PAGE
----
Breach of Contract in Thailand

Contracts are a central part of business transactions and legal relationships in Thailand as they are in any other jurisdiction. Understanding the legal framework, types of breaches, available remedies and resolution methods is essential to ensure that your rights are protected.

An NDA is a legal contract designed to protect sensitive information like customer lists or intellectual property from being shared without consent. These are enforceable under Thai law so long as they do not conflict with mandatory laws or public morals.


Damages are monetary awards to compensate for losses caused by a breach of contract. They include material damages such as compensation for broken properties, moral damages if the wrongful act resulted in an inconvenience to a person and libel damages.

It is common for a claim for damages to also involve claims for specific performance, which involves a court order to force the breaching party to fulfill its contractual obligations. Baker McKenzie’s Thailand lawyers can manage this process, including preparing the claim, appearing as counsel in local courts and enforcing or challenging an award.

A common clause in contracts is an indemnification provision, which shifts responsibility for risks and costs from one party to another. However, based on recent Supreme Court decisions, it remains unclear how a court would rule on a dispute involving such a provision. Generally, such disputes only see the inside of Thai courts when other informal methods such as a demand letter and arbitration have been unsuccessful in resolving the issue.

Specific Performance

Specific performance is a legal remedy that involves a court order requiring the breaching party to fulfill their obligations under the contract. This remedy is often used where monetary damages are not sufficient to compensate the injured party.

The Thai Civil and Commercial Code provides guidelines for interpreting contractual terms. These guidelines are based on European jurisprudence and are designed to ensure that the common intention of the parties is ascertained in accordance with good faith and good commercial practice rather than clinging to the literal meaning of words or expressions.

Under the Thai PDPA, personal data can be transferred internationally if it is processed by a controller or processor established in Thailand or a company within a group that has established binding corporate rules as approved by the Committee. However, a Thai controller or processor may not transfer personal data to any country where the processing would be inconsistent with the provisions of the Thai PDPA or its implementing regulations.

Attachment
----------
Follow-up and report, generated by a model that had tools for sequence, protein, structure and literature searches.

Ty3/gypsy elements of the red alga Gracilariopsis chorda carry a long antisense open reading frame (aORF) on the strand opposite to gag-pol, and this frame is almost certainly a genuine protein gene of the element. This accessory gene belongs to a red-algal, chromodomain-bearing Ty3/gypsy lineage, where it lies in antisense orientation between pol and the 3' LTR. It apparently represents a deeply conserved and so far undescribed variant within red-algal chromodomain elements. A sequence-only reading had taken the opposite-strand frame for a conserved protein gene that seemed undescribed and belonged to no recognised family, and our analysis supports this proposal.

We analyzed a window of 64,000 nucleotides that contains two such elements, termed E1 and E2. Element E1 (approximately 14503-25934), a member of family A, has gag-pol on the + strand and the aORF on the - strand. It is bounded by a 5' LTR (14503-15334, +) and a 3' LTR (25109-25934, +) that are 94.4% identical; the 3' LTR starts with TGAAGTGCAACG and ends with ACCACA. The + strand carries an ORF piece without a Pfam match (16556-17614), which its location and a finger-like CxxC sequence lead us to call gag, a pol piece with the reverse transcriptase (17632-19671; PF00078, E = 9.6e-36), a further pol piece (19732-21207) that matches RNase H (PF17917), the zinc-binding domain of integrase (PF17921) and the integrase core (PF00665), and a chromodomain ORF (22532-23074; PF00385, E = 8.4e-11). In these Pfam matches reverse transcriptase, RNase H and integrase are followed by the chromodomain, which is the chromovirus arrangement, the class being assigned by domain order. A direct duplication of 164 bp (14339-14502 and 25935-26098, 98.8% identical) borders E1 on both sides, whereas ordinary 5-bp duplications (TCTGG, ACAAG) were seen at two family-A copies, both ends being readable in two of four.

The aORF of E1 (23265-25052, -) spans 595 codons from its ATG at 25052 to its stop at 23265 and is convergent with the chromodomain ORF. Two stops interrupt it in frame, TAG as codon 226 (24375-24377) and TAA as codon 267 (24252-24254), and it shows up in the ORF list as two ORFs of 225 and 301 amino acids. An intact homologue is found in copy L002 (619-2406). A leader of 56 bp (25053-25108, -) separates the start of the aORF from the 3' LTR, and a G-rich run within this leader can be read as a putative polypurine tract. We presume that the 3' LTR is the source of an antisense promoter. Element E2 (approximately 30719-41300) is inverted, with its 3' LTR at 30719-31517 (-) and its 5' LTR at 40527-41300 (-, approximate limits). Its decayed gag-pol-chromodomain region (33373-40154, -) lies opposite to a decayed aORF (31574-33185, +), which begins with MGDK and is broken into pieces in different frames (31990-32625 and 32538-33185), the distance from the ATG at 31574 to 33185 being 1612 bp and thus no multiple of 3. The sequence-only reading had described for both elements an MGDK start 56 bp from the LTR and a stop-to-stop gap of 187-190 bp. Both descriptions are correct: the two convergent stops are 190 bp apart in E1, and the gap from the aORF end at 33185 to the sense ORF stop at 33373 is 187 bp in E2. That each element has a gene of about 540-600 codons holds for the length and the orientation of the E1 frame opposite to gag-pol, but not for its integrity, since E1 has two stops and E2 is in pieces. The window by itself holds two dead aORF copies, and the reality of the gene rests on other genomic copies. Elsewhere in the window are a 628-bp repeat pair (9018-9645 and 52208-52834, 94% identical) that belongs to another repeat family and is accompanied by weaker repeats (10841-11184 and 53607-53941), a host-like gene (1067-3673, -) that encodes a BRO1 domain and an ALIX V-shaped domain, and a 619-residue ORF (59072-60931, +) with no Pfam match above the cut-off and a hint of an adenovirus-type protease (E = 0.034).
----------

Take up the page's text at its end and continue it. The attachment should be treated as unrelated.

When legal damages are insufficient compensation, courts can apply a number of equitable remedies. These include specific performance, injunctions, declarations and rectification.

Interim injunctions, such as restraint orders or injunctive relief, protect rights by preventing injustice pending the determination of the merits of the case. These types of injunctions are a form of equitable remedy and fall within the inherent power of all Courts vested with equitable jurisdiction.

Indemnification clauses are common in contracts, and can be useful in shifting responsibility for certain risks from one party to another. However, enforcing these provisions can be difficult in Thailand.

Legal Action

The Thai Civil and Commercial Code TCCC allows for several legal actions to be taken in the event of a breach of contract. While most attorneys will try to settle contract disputes through informal methods like demand letters, if they don’t work it might be necessary to file a case at the Thai Courts.

One of the remedies available is restitution, which involves cancelling the contract and returning both parties to their pre-contractual position. Another possible remedy is rescission, where the court may find that a contract was induced by fraud and therefore void.

Another way to resolve a contractual dispute is mediation or arbitration, which are alternative methods of conflict resolution that can be quicker and less costly than litigation. Finally, the courts can also provide methods to seize and liquidate the assets of a party who has not performed their obligations under the contract. This will cover any damages or debts that have been incurred.



Leave a Reply

Your email address will not be published. Required fields are marked *